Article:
Tracking the Source of Glacier Misinformation

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Science  29 Jan 2010:
Vol. 327, Issue 5965, pp. 522
DOI: 10.1126/science.327.5965.522-a

A recent News of the Week story on Himalayan glaciers (“No sign yet of Himalayan meltdown, Indian report finds,” P. Bagla, 13 November 2009, p. 924) highlights how inadequately reviewed material makes its way into the public consciousness. One source, Working Group II (WG-II) of the Intergovernmental Panel on Climate Change (IPCC) [pp. 493 and 494 in (1)] reproduces several errors. The Working Group writes that “[g]laciers in the Himalaya are receding faster than in any other part of the world” and that “the likelihood of them disappearing by the year 2035 and perhaps sooner is very high if the Earth keeps warming at the current rate. Its total area will likely shrink from the present 500,000 to 100,000 km2 by the year 2035.”Another source (2) advances a no-less mistaken conjecture, not discussed in Bagla's News of the Week story, that Himalayan glaciers are responding to the climate of as long as 15,000 years ago.

The IPCC Fourth Assessment, particularly of the physical science basis for the changes, is mostly accurate, but the first WG-II sentence above derives from a World Wildlife Fund report (3), which cites a news story (4) about an unpublished study (5) that neither compares Himalayan glaciers with other rates of recession nor estimates a date for disappearance of Himalayan glaciers. Himalayan rates of recession in the WG-II report (1) are not exceptional (6). In the second WG-II sentence, “its” cannot refer to Himalayan glaciers [area about 33,000 km2 (7)], and may refer to the world total area of glaciers and ice caps. A bibliographic search suggests that the second WG-II sentence is copied inaccurately from (8), in which the predicted date for shrinkage of the world total from 500,000 to 100,000 km2 is 2350, not 2035.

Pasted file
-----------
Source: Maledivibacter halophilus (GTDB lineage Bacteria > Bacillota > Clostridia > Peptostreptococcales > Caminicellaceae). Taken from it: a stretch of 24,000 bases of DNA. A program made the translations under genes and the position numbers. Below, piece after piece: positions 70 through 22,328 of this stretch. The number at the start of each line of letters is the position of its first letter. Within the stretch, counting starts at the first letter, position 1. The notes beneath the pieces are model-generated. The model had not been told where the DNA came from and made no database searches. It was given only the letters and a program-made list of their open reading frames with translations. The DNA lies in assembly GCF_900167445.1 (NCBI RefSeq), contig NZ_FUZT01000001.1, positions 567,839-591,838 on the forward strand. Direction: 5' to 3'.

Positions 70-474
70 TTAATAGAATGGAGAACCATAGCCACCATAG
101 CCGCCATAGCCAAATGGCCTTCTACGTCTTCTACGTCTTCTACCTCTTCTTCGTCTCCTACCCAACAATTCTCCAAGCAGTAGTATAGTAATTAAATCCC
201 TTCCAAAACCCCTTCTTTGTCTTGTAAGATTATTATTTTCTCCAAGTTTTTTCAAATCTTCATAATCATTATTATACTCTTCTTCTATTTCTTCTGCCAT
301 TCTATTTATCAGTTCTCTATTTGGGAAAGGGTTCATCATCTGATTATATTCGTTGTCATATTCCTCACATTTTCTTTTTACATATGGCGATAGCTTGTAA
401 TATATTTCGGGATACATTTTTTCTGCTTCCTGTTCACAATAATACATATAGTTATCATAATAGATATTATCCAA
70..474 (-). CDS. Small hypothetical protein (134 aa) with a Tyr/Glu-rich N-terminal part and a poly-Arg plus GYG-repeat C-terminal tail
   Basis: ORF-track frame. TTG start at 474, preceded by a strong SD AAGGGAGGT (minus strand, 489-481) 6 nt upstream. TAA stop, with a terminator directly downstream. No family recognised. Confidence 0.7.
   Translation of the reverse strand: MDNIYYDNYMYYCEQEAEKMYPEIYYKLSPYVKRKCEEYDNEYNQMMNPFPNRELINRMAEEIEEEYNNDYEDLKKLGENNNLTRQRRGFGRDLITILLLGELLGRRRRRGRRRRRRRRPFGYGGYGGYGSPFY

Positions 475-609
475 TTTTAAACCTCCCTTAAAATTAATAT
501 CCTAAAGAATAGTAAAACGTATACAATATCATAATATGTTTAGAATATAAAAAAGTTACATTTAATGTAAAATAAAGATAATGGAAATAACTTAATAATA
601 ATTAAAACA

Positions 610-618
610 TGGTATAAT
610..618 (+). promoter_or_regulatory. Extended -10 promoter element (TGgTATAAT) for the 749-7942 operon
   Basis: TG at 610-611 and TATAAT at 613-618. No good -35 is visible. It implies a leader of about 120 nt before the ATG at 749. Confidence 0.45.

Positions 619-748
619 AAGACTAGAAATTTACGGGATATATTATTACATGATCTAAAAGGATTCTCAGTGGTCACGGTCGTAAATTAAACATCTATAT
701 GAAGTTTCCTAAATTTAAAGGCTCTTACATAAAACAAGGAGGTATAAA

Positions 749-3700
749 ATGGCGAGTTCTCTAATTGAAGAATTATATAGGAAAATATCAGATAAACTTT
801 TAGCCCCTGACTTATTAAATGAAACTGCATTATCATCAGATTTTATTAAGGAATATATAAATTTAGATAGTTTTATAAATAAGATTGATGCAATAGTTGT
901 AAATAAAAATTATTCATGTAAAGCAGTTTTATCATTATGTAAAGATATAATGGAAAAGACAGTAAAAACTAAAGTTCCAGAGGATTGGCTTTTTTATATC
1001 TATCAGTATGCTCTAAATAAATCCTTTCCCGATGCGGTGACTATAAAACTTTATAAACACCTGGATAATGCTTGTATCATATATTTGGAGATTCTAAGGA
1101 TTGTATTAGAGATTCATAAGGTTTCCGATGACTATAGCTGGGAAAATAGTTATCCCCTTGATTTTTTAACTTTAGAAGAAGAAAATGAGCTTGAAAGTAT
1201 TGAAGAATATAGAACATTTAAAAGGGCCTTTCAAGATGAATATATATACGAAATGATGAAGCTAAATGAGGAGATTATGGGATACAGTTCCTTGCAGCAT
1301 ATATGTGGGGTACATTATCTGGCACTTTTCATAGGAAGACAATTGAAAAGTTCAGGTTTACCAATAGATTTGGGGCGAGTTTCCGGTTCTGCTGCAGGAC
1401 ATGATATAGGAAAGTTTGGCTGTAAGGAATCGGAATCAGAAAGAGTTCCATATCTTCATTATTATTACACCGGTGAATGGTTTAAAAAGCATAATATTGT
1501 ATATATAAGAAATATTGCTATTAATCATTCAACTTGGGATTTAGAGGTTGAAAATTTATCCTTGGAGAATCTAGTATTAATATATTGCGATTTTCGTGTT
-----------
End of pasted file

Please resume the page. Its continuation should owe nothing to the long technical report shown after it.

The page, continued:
The claim that Himalayan glaciers may disappear by 2035 requires a 25-fold greater loss rate from 1999 to 2035 than that estimated for 1960 to 1999 (7). It conflicts with knowledge of glacier-climate relationships and is wrong. Nevertheless, it has captured the global imagination and has been repeated in good faith often, including recently by the IPCC's chairman (9).

These errors could have been avoided had the norms of scientific publication, including peer review and concentration upon peer-reviewed work, been respected.

References and Notes

  1. This Letter was published online 20 January 2010 (www.sciencemag.org/sciext/eletters/#12949).

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